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Planning & Design Strategies


      • Planning and engineering staff should solicit transit operations and service planning staff for their input throughout the design process of roadway reconfigurations, including striping bike lanes:
        • Strong lines of communication and stakeholder input will improve outcomes for transit operations even if the focus of the design is for bicycling
        • Bus operators are on the same roads more times per day than almost anyone else and can provide detailed feedback on the conditions at most times of day
      • Planners should engage the local bicycling community when planning for implementing a new-to-the-region design:
        • Many people bicycle beyond their local neighborhood and may have valuable input on treatments used elsewhere
        • Engaging people who ride bicycles in the process can help educate the public about the intention and expectations for new infrastructure designs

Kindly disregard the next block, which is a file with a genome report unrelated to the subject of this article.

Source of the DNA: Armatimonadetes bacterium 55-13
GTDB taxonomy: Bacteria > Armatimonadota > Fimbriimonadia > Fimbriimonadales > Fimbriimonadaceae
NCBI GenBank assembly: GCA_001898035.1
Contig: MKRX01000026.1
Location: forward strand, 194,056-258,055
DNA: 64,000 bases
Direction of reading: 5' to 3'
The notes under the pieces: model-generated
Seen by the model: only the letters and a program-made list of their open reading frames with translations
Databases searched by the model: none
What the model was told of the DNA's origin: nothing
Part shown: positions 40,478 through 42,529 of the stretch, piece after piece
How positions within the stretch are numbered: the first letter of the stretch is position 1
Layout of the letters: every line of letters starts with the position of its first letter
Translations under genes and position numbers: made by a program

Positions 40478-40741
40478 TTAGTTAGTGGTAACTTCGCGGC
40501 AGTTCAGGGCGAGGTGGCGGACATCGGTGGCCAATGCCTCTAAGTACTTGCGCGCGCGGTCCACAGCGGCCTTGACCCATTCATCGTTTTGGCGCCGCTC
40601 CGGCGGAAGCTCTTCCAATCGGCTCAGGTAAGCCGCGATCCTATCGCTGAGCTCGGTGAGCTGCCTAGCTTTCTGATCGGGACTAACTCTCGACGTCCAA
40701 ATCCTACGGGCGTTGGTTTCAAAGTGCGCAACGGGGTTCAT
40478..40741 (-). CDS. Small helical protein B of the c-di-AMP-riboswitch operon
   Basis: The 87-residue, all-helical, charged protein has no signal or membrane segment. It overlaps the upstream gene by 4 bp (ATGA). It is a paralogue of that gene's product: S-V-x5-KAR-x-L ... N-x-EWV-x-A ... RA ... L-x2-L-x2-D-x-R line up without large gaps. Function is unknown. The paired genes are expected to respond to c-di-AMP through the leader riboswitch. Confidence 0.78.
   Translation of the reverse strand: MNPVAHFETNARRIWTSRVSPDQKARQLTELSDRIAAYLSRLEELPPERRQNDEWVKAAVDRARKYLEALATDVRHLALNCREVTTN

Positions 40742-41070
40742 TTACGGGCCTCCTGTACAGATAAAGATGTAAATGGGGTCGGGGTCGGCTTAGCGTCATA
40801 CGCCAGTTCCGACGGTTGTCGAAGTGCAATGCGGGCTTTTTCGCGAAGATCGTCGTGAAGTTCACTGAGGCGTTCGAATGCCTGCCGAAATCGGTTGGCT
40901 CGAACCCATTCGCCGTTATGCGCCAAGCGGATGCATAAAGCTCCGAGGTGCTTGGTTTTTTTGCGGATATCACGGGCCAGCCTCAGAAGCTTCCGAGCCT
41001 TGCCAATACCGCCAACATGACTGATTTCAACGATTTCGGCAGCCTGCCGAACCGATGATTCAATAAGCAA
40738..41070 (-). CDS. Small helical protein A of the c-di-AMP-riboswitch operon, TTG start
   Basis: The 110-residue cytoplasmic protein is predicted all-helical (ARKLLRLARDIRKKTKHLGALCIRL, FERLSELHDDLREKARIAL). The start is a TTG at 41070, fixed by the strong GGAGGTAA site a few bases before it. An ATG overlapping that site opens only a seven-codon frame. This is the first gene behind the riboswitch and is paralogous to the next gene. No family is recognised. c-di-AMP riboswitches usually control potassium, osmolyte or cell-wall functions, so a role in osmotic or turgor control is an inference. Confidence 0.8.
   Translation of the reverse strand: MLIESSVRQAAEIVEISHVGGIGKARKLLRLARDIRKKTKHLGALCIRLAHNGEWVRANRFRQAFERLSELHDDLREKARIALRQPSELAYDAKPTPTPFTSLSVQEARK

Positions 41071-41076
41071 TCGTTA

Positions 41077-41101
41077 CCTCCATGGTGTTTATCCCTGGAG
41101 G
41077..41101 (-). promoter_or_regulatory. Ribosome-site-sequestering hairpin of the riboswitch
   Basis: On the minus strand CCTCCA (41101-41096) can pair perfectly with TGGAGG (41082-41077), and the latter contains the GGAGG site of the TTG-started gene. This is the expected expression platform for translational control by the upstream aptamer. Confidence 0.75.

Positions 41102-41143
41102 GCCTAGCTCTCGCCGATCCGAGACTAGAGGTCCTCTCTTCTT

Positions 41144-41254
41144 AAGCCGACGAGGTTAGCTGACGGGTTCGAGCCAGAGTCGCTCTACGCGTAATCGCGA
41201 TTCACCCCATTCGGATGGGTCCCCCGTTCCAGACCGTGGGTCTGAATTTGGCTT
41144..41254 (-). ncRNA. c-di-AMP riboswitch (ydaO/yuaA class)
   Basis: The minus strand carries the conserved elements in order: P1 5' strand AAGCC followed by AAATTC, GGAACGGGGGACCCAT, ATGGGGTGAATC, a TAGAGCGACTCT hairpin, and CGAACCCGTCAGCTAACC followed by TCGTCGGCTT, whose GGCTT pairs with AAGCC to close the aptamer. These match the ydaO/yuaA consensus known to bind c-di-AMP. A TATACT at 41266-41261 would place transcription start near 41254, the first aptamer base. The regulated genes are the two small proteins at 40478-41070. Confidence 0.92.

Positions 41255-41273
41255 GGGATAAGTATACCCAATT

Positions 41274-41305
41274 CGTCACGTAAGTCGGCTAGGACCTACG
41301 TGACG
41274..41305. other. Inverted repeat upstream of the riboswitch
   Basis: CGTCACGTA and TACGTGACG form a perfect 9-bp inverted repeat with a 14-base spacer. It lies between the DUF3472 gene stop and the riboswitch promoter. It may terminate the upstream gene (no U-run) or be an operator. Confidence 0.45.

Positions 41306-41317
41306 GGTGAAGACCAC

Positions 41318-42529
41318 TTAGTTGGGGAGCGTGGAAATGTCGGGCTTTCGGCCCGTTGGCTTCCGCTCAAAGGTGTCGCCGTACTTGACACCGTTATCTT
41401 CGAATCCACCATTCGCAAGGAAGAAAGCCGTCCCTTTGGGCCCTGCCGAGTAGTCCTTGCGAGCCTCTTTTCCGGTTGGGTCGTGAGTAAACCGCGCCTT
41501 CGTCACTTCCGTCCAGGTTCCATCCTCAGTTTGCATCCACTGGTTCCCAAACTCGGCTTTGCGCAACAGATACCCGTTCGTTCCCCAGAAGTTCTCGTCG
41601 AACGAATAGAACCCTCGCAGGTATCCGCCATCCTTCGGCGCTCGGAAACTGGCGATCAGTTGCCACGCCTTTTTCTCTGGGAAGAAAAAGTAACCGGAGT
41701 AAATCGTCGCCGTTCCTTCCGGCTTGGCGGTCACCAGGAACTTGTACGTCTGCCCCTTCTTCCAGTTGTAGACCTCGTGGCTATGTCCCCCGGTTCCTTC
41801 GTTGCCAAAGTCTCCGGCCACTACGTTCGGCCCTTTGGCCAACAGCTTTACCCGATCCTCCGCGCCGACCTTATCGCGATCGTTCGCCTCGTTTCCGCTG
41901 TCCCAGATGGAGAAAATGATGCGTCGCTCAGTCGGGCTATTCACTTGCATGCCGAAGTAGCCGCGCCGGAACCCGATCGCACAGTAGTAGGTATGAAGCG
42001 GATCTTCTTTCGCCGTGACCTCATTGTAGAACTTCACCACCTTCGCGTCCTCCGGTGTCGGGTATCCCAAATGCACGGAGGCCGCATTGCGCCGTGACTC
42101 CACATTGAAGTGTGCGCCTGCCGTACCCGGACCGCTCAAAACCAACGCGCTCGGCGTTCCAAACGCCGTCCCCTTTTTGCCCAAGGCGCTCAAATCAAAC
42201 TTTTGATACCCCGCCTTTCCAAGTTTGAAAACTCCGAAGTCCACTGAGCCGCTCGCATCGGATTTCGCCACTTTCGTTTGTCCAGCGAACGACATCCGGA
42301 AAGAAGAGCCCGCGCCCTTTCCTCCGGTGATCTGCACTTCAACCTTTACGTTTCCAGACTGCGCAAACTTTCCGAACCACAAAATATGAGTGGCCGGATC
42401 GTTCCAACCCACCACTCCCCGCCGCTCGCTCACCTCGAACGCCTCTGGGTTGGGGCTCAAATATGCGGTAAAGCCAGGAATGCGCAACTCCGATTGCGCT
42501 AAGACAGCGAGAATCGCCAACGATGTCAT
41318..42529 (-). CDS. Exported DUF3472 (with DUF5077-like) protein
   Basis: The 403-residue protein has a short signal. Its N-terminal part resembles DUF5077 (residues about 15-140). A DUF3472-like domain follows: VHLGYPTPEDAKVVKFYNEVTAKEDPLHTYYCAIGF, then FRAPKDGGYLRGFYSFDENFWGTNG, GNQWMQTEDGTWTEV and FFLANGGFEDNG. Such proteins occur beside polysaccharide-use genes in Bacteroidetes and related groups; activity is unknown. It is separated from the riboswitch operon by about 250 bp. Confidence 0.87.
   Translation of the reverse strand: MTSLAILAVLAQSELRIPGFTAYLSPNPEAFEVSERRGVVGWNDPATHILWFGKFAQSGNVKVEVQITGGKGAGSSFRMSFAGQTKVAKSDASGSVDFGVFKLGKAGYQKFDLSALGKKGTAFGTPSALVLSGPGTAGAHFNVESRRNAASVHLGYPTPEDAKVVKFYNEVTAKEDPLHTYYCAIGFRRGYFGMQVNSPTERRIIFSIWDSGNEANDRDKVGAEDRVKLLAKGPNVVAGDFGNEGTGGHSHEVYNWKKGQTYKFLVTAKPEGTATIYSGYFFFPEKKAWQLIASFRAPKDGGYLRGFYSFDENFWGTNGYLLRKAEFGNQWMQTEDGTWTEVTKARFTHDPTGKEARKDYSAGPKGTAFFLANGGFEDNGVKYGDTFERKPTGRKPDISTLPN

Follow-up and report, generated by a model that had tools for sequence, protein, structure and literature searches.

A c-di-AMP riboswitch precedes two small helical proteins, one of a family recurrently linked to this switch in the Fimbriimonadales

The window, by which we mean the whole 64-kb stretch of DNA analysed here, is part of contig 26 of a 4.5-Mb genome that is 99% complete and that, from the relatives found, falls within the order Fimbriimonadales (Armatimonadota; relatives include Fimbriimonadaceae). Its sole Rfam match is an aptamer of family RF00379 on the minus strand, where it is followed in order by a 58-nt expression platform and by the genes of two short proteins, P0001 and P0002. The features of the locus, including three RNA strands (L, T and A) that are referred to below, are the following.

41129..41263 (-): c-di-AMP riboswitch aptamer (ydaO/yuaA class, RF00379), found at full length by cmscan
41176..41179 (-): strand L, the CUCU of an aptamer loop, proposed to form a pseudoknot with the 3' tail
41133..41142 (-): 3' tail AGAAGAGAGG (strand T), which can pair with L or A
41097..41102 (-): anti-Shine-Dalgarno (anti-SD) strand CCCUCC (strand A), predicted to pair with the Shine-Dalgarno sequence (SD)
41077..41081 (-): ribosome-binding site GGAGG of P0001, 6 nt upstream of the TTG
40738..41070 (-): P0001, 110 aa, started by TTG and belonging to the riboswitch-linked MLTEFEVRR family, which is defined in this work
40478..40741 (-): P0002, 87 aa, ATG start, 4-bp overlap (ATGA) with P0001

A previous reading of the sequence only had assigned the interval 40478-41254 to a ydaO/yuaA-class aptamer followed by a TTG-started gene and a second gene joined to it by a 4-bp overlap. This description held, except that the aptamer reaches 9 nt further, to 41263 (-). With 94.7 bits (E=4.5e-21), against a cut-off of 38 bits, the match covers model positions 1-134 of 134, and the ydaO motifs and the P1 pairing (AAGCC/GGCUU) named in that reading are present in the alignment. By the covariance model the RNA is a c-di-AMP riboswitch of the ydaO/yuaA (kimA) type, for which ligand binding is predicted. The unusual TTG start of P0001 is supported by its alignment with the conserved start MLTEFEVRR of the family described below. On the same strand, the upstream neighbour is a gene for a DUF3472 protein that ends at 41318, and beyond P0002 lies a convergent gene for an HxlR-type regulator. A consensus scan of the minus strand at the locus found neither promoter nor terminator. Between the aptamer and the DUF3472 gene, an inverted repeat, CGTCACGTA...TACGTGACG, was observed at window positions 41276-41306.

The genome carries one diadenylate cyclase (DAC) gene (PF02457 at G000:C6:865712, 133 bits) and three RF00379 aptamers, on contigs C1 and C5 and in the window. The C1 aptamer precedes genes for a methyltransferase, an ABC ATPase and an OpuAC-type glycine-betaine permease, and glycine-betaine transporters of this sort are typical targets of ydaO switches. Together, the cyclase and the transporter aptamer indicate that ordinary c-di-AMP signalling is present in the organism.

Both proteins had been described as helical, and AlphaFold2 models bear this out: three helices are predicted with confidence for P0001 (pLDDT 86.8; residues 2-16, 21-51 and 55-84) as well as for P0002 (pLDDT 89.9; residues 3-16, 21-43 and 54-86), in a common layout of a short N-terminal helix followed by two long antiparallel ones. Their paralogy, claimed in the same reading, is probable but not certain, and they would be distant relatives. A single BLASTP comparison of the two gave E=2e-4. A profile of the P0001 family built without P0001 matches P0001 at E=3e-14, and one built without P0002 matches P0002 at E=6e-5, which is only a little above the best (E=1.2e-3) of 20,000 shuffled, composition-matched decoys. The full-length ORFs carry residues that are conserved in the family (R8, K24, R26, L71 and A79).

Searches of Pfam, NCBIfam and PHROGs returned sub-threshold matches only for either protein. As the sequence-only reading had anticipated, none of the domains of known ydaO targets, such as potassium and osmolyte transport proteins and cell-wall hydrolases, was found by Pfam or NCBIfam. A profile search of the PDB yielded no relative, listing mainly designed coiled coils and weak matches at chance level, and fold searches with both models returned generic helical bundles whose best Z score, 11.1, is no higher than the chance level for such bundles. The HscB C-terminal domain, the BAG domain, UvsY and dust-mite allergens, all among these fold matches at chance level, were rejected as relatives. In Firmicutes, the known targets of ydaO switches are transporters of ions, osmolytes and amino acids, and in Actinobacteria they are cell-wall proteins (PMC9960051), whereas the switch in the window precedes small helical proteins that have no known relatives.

• Cities or County planning staff should communicate effectively to stakeholders when a new road design is planned on streets they operate, which should include how to use the new treatment:
        • New road designs may be unfamiliar to transit supervisors and their staff; providing context can help the transit operation adapt to changes more effectively
        • Providing pop-up education, on-street ambassadors, and temporary signage can help people on bicycles know what to expect and how to ride when encountering a new design

Design Strategies

    • Bus zones
      • Provide adequate space for stopped bus to clear bikeway
      • Construct bus boarding islands at busy locations
      • Stripe conflict areas at stops
    • Intersections
      • Identify and reduce conflicts at approaches
      • Provide clear sight lines at conflict points along separated bikeways
      • Guide users through intersections
    • Corridors
      • Clearly sign and stripe shared bike-bus lanes
      • Implement left-sided bikeways on one-way streets